This special edition will accept research on Sun-Earth-Climate relationships and natural causes using observational data and computational analysis. These climatic, solar and natural-cause variabilities range over a time scale from the recent past (1000 years) to the present. Among the most used observational data, there are sunspots, geomagnetic, ionospheric, meteorological, climatic, and hydrological data. On the other hand, one can learn about the past of solar and climate variabilities by reading terrestrial archives that provide us with "proxy" data on the history of the Sun and climate. Bearing in mind that different natural mechanisms can affect the climate of a given place, in addition to anthropogenic effects, it is necessary to study the influence of solar activity, El Niño events, among other geophysical phenomena to understand the climate variability. The study of solar activity, the structures of the interplanetary way and their effects on the magnetosphere and ionosphere are also important to understand physical dynamic process during magnetic storms, substorms, and auroras. Scientists of the Natural Records Laboratory (Laboratório de Registros Naturais - LRN) from University of Vale do Paraíba (Universidade do Vale do Paraíba) are dedicated to expanding the tree ring use and its application, as well as, other observational records to improve our understanding of past climate and environmental history in Brazil and South America. Our current research focuses on the use of tree ring data networks to study regional climate, global climate teleconnections, Sun-Earth-Climate interrelationships and anthropogenic impacts. Finally, we strongly encourage the submission of studies with the potential to help understand the variability over South America.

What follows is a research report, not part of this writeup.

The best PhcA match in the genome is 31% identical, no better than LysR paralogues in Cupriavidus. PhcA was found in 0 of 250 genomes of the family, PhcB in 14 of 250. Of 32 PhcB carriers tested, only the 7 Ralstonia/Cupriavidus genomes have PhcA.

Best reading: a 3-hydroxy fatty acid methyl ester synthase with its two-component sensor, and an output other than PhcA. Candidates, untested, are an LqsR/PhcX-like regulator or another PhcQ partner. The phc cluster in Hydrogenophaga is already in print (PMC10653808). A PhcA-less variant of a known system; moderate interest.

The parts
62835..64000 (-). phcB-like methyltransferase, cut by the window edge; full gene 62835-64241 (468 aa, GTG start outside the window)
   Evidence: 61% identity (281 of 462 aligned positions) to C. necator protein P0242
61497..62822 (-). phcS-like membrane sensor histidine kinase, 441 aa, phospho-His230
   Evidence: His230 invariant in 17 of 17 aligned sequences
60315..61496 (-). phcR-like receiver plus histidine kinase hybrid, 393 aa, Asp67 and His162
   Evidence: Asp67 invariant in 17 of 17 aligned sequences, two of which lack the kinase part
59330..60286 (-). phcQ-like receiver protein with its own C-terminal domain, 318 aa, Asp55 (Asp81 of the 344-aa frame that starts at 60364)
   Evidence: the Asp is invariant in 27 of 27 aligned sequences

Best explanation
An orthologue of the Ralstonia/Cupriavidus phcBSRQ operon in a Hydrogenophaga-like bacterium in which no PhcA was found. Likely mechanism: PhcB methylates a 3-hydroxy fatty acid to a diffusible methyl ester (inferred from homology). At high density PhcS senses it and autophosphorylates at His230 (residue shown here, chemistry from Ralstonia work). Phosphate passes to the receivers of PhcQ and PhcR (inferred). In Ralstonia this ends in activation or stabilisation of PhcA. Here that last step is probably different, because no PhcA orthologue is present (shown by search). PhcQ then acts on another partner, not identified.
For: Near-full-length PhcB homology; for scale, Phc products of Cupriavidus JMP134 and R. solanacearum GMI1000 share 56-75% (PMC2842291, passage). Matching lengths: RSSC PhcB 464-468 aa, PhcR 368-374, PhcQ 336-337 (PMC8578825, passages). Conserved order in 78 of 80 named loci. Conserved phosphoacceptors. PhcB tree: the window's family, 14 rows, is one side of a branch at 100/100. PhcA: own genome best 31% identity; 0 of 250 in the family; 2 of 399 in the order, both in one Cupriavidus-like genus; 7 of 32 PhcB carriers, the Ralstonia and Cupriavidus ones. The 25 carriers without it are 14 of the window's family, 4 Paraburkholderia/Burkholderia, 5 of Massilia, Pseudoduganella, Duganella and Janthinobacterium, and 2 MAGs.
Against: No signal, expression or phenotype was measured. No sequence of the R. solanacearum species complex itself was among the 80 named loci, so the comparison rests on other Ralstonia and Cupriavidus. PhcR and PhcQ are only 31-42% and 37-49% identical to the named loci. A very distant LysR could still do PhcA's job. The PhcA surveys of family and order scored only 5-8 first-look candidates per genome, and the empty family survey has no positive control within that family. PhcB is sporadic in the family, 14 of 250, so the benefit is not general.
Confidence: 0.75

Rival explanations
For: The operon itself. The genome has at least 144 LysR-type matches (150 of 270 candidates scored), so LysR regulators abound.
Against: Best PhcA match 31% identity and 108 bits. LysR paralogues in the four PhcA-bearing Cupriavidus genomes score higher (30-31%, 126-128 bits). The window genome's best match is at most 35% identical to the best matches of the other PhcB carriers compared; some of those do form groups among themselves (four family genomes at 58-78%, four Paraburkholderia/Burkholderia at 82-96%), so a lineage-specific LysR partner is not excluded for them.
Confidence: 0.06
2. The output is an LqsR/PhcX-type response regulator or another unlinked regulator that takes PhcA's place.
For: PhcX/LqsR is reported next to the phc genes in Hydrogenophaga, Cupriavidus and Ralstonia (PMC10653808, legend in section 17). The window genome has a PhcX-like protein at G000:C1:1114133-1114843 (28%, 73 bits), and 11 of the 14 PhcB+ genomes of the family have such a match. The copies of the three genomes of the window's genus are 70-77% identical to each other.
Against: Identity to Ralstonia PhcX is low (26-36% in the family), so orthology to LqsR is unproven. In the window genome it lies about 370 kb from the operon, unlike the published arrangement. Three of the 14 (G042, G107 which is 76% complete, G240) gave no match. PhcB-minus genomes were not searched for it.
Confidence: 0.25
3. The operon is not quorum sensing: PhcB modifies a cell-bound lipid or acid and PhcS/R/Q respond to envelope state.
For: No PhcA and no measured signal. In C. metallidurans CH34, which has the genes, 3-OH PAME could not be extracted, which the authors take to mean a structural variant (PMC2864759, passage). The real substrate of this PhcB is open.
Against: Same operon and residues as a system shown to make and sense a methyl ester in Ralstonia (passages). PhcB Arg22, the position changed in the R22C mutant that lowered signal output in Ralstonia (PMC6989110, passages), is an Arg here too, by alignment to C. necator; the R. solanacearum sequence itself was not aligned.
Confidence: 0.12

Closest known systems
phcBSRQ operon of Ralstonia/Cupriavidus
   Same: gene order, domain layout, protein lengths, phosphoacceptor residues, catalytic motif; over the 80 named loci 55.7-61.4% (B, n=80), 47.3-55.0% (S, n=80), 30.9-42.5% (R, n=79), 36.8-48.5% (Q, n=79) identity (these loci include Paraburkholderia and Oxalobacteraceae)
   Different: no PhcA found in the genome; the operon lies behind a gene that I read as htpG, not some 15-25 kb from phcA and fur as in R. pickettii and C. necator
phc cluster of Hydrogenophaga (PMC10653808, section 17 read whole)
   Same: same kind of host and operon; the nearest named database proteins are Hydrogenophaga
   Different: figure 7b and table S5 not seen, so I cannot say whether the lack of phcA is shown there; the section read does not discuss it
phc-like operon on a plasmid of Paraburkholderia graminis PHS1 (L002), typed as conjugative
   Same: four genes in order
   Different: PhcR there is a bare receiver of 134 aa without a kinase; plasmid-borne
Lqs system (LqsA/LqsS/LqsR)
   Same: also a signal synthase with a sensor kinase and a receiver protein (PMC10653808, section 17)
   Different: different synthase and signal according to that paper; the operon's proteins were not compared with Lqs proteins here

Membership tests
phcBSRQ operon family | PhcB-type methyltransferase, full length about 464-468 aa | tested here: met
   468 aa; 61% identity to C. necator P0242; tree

Deadline for manuscript submissions: 1 August 2022.
Prof. Dr. Virginia Klausner de Oliveira
Prof. Dr. Alan Prestes